UK gambling operators are facing a regulatory ‘storm’ due to ‘hardening’ public and political attitudes toward gambling advertising, according to a UK Gambling Commission (UKGC) exec.
On Wednesday, the UKGC’s program director for consumer protection & empowerment Ian Angus gave a speech at the Responsible Marketing for Gambling Operators conference in London, telling industry execs that their future looks grim unless they adopt new practices for promoting their products.
Angus (pictured) warned the industry that it would be “unwise” to ignore the “hardening public and political mood” around gambling advertising. Angus said the current situation wasn’t sustainable, given the near-weekly negative mentions the industry receives in parliament and the near-daily drubbing the industry takes at the hands of the reliably alarmist media outlets.
Angus warned that “consumer trust in gambling is at an all-time low,” and the UKGC’s quarterly online survey tracker data showed nearly two-thirds of respondents felt gambling adverts “should be discouraged.”
Last October, the UK government opted against further advertising restrictions, arguing that there was little evidence that gambling promos led to increased problem gambling activity. But the volume of betting ads during this summer’s World Cup led to another flood of consumer complaints, and the government needs to do something to take peoples’ minds off the Brexit debacle, so here we are.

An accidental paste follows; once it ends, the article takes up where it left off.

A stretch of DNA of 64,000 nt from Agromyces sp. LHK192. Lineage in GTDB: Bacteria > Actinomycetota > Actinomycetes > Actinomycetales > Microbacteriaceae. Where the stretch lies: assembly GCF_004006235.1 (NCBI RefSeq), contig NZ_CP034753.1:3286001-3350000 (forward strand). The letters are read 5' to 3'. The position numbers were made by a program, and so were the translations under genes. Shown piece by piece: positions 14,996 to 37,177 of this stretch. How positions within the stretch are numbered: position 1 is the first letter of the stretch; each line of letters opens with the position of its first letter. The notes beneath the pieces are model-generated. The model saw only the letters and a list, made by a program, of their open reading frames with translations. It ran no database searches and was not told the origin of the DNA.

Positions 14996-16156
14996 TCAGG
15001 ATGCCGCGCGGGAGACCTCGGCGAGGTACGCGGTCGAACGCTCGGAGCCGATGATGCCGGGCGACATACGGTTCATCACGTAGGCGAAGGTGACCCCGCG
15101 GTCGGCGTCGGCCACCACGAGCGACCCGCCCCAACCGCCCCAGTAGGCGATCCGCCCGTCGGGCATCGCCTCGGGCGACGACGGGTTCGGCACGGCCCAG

Angus chided the industry for its compliance with advertising content and placement rules, saying it simply “hasn’t been good enough.” Referencing last year’s infamous advertorial-style affiliate marketing shenanigans. Angus noted that the industry had subsequently taken steps to rein in these excesses, “but the damage was done.”
The industry has also come under fire for advertising products that hold particular appeal for children, for sponsoring too many football teams, displaying gambling promos on under-18 team sites and numerous other perceived shortcomings.
The UKGC will impose a new code of conduct for gambling operators as of October 31, and Angus reminded those in attendance that the new rules empower the regulator to take “tougher and swifter action, including fining” for operators caught coloring outside the lines.
Angus closed by warning operators that the regulatory spotlight’s glare is “very firmly on advertising … the lens through which consumers and the wider public judge you, your brand and the wider industry … The decline in public trust and confidence reflects badly on us all – and it needs to be reversed.”
Angus urged operators to “step up now and own this” by learning from past mistakes. “Don’t wait for the storm clouds to burst and precautionary measures to be triggered.”